- The Washington Times - Tuesday, October 29, 2002

JAKARTA, Indonesia Indonesian police whisked a radical Muslim cleric from a hospital yesterday to question him about the deadly Bali bombing and other attacks, a day after President Bush urged stiff action against the country's terror suspects.

Police plan to question Abu Bakar Bashir about a shadowy group reputedly linked to al Qaeda that authorities believe was involved in the Oct. 12 nightclub bombings that killed nearly 200 people. Police said they would interrogate Mr. Bashir today or tomorrow.

Mr. Bashir's arrest was the most decisive action yet by the Indonesian government against suspected Islamic militants.

On Sunday, at a meeting with Indonesian President Megawati Sukarnoputri in the Mexican resort of Cabo San Lucas, scene of the Asia-Pacific Economic Cooperation forum, Mr. Bush urged her government to act forcefully against terror suspects.

Mr. Bashir, dressed in white and confined to a wheelchair, was escorted out of a hospital in the town of Solo, where he was held under police guard for 10 days. Outside, hundreds of students from Mr. Bashir's religious school clashed with police, throwing stones and benches at them. Several police officers and students were slightly injured.

Mr. Bashir is not personally a suspect in the Bali attack, but the Jemaah Islamiyah group is thought to have been involved. Mr. Bashir is considered the spiritual leader of the group, which is seeking a Muslim superstate in Southeast Asia and is allied with Osama bin Laden's al Qaeda terror network.

Though no one has claimed responsibility for the attack in Bali, al Qaeda and Jemaah Islamiyah are widely suspected.

While in the hospital for treatment of a respiratory ailment, the cleric was placed under arrest on Oct. 18. He is charged with ordering a string of church bombings in 2000 that killed 19 persons and plotting the assassination of Mrs. Megawati.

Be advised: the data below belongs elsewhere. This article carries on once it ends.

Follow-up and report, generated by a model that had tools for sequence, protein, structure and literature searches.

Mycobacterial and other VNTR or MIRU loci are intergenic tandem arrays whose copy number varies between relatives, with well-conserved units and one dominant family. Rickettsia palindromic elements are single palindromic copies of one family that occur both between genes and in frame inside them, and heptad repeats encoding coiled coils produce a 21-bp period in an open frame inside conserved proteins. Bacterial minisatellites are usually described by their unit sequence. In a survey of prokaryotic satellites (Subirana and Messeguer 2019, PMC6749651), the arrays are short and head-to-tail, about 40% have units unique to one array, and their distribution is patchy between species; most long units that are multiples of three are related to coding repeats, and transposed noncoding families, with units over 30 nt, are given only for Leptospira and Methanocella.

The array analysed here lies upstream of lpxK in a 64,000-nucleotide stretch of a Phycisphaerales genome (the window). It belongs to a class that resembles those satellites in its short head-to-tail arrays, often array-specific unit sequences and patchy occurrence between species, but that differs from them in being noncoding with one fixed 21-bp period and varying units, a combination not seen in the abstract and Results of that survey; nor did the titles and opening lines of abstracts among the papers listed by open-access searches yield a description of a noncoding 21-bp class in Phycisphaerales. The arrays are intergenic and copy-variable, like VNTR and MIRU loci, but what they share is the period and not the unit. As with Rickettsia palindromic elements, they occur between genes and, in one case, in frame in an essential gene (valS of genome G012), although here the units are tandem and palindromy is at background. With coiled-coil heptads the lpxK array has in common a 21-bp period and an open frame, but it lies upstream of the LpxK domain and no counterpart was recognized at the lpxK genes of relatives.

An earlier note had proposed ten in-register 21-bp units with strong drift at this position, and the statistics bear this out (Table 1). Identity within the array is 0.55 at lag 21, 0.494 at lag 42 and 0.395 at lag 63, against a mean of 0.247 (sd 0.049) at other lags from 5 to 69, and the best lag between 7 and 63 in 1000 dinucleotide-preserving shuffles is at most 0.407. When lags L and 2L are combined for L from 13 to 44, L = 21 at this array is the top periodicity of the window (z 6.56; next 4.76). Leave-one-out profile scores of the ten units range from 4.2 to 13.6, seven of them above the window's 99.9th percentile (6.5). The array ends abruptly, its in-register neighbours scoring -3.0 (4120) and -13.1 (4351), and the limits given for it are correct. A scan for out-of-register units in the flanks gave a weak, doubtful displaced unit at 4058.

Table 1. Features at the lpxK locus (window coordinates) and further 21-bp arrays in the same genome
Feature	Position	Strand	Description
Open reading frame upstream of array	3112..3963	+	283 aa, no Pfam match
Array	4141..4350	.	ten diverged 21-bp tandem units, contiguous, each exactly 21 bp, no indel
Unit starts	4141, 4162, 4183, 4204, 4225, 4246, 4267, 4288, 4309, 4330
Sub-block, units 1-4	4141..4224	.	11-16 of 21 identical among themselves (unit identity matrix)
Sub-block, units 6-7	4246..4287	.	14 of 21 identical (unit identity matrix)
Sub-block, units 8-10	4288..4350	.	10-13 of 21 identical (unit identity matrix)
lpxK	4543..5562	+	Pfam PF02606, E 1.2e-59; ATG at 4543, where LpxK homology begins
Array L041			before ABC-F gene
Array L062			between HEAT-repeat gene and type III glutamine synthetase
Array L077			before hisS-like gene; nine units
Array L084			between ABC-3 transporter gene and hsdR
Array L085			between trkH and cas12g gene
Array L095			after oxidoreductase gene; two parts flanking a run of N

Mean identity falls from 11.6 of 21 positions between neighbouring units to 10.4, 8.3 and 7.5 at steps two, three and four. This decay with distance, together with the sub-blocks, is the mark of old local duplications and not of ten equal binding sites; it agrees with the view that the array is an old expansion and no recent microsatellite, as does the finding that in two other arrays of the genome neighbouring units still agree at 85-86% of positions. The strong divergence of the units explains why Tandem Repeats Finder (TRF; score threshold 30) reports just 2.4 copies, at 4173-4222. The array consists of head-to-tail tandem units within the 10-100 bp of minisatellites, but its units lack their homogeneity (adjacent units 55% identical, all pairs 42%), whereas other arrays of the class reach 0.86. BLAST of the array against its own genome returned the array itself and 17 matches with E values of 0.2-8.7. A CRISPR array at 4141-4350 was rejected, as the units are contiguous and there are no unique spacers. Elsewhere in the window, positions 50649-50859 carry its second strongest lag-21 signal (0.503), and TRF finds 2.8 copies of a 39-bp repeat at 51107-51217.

Mr. Bashir, 64, who denies any links to terrorists, says he is being made a scapegoat and has blamed his arrest on U.S. diplomatic pressure. Mr. Bashir has blamed the Bali attacks on the CIA and denies that Jemaah Islamiyah and al Qaeda exist.

But Malaysian police say Mr. Bashir maintains close links with Riduan Isamuddin, also known as Hambali, a commander for both Jemaah Islamiyah and al Qaeda. Hambali, an Indonesian, is believed to be hiding in a third country, possibly the Philippines.

After Mr. Bashir was taken away, Security Minister Susilo Bambang Yudhoyono sought to defuse tensions with Mr. Bashir's supporters in Solo.

"A court will determine whether he is guilty or not," Mr. Yudhoyono said. "We do not want to punish the innocent while the real terrorists remain free looking for new opportunities."

Mr. Bashir's arrest followed questioning of Omar Faruq, an al Qaeda operative taken into custody by Indonesia and turned over to the United States. Mr. Faruq claims to have known Mr. Bashir well and reputedly implicated him in the church bombings and the assassination plot.

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